Mr. and Mrs. Clark claim that Security Life Insurance Company devised a scheme to defraud them and others and executed that scheme by unlawfully selling a life, accident and health insurance policy to them which had not been approved by the Georgia Insurance Commissioner's office. They further claim that Security Life Insurance Company agents 1 John Fipps . . . falsified their application for insurance and forged their signatures to it before they submitted it to Security Life Insurance Company requesting coverage under an insurance plan known as Insight Answer. After an insurance certificate was issued to Mr. and Mrs. Clark . . . they cancelled their prior insurance coverage. . . . [T]he Plaintiffs claim that Security Life Insurance Company [then] wrongfully rescinded their insurance coverage.
(Emphasis supplied.)
The Supreme Court granted a writ of certiorari specifically addressed to the subject matter of Divisions 1 (a) (judicial notice of acts of the insurance commissioner), (b) (failure to file the policy with the commissioner and other insurance code and regulatory violations as predicate acts), and (d) (vicarious liability of Security for Fipps' forgery) of Security Life Ins. Co. v. Clark, 229 Ga. App. 593 (494 SE2d 388) (1997). See Monteith v. Story, 255 Ga. 528, 529 (341 SE2d 1) (1986); Rives v. Atlanta Newspapers, 111 Ga. App. 6 (2) (140 SE2d 304) (1965).
In Clark v. Security Life Ins. Co. &c., 270 Ga. 165 (509 SE2d 602) (1998), the Supreme Court held, regarding Division 1 (a), that this Court had improperly taken judicial notice of a purported filing with the Georgia Insurance Commissioner and, regarding Division 1 (d), had applied the incorrect standard in considering whether the trial court properly submitted to the jury the issue of vicarious liability of security for the acts of Fipps, its agent, in falsifying and forging the Clarks' application for insurance. The Supreme Court concluded that the proper standard was that of vicarious criminal liability, not the vicarious tort liability standard which had been applied by this Court. The Supreme Court found that there was some evidence that "Security Life recklessly tolerated the forgery by not investigating the charge of forgery and by pressing its rescission claim long after learning that Fipps forged the application," thereby justifying submitting the issue of Security Life's vicarious criminal liability for the forgery to the jury. Clark, 270 Ga. at 168 (2). Such a conclusion does not, however, as held by the majority, mandate reinstitution of the verdict and judgment for the Clarks on their RICO claim which required proof of a "pattern of racketeering." One act of forgery does not make a pattern, and the Supreme Court did not say that it did.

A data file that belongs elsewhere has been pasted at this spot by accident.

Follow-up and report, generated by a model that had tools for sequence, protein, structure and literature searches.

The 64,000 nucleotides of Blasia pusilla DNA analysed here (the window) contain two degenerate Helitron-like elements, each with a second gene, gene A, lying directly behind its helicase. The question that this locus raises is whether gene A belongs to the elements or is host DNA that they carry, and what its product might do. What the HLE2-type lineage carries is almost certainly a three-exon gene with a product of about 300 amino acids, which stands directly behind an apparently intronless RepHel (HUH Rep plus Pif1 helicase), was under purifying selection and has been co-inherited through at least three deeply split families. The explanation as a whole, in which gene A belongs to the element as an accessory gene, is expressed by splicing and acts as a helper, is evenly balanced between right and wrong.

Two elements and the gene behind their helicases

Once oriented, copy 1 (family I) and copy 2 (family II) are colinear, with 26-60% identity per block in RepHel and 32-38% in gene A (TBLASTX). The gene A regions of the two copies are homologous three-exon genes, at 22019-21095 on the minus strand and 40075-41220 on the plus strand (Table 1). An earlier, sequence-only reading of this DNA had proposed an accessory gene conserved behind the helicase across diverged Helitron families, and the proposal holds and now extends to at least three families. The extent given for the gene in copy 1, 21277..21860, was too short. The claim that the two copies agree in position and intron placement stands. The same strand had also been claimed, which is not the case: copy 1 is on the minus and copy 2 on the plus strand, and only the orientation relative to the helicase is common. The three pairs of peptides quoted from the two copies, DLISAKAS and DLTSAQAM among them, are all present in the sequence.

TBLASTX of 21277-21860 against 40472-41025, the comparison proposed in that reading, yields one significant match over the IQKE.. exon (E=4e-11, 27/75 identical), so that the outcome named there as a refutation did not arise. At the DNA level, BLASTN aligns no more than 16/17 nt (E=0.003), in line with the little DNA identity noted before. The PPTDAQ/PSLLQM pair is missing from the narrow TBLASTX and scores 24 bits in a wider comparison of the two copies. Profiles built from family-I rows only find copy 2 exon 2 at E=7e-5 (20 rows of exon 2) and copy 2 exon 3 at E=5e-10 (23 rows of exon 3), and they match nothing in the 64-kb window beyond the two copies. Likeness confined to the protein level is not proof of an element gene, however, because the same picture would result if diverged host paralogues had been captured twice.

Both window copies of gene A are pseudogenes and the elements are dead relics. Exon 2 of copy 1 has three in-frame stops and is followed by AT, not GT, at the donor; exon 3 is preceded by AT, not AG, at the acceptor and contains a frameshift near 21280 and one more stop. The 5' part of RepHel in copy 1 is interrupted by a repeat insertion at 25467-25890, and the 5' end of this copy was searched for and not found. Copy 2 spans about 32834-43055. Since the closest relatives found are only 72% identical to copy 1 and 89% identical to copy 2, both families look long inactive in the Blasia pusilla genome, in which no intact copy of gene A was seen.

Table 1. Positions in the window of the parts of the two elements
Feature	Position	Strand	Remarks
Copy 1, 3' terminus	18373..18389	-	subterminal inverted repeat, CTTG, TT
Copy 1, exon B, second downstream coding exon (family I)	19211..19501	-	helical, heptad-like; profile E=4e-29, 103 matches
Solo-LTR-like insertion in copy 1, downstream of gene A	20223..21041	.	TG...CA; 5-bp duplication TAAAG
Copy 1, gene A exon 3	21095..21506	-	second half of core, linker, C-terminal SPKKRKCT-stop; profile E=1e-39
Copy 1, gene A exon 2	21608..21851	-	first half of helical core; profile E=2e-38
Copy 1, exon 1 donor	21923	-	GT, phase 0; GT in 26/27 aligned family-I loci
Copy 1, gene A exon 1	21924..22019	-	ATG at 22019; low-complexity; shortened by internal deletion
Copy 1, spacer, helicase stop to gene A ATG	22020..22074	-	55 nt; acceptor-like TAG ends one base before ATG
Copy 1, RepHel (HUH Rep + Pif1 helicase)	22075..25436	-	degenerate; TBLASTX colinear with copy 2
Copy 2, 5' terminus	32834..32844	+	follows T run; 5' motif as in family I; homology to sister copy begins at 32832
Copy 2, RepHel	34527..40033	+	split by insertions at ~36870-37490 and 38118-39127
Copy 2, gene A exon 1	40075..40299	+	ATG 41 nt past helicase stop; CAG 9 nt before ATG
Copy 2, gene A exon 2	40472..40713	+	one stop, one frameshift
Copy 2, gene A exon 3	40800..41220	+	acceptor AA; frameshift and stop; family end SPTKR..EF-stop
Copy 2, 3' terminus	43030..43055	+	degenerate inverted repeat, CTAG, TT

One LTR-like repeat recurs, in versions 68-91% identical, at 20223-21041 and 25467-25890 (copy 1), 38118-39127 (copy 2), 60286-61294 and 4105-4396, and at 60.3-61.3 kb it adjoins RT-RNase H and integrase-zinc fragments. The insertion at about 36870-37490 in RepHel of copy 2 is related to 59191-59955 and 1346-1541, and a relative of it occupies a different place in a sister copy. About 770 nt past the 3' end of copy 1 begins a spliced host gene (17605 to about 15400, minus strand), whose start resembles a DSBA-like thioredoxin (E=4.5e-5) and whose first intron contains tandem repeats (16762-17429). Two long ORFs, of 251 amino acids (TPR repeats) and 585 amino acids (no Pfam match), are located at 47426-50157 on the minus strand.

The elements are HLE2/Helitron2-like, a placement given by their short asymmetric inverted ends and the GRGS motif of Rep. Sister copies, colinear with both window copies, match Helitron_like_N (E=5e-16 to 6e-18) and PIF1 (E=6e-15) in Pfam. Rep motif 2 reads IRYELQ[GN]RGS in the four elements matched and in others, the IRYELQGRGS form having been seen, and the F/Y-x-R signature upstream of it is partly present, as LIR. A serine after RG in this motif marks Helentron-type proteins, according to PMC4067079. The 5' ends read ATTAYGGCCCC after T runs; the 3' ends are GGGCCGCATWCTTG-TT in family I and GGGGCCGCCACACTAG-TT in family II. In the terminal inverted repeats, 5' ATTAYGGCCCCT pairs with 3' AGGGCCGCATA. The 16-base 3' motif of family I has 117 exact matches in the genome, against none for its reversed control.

While Divisions 1 (a) and (d) of our original opinion are vacated pursuant to Clark, supra, as correctly held by the majority, Division 1 (b) (failure to file the policy with the commissioner and other insurance code and regulatory violations as predicate acts) as affirmed by the Supreme Court is binding and compels the conclusion that the Clarks failed to prove the two requisite predicate acts. Division 1 (c) (failure of the Clarks to show proximate cause), which was not addressed by the Supreme Court, remains the law of the case. Ford v. Uniroyal Goodrich Tire Co., 270 Ga. 730 (514 SE2d 201) (1999); Dicks v. Zurich American Ins. Co., 231 Ga. App. 448 (499 SE2d 169) (1998).
Therefore, in my opinion, the judgment of the trial court entered on the Clarks' RICO claim must be reversed because the Clarks failed to prove a RICO claim as a matter of law; Security moved for a directed verdict on this basis; and it should have been granted as a matter of law. Clark, supra. This matter should be remanded to the trial court with direction that judgment be entered in favor of Security Life on the RICO claim.
Additionally, Security's motion for directed verdict specifically included as a ground that, even if there had been any other proof of acts which would constitute predicate acts under RICO, 2 there was no proof of the causation required to be shown between those acts and harm to the Clarks, as fully discussed in Division 1 (c) of our original opinion, and Security was legally entitled to judgment. Division 1 (c) does not, as erroneously stated by the majority, have to "yield" to the Supreme Court since the Supreme Court did not in any way address the issue discussed therein; Division 1 (c) is in no way inconsistent with the Supreme Court's opinion; and Division 1 (c) remains the law of the case. Ford, supra; Dicks, supra.
The majority's reliance on obiter dicta of the Supreme Court's Division 3 of Clark, supra, for affirming the judgment is disingenuous at best.
The Supreme Court held that: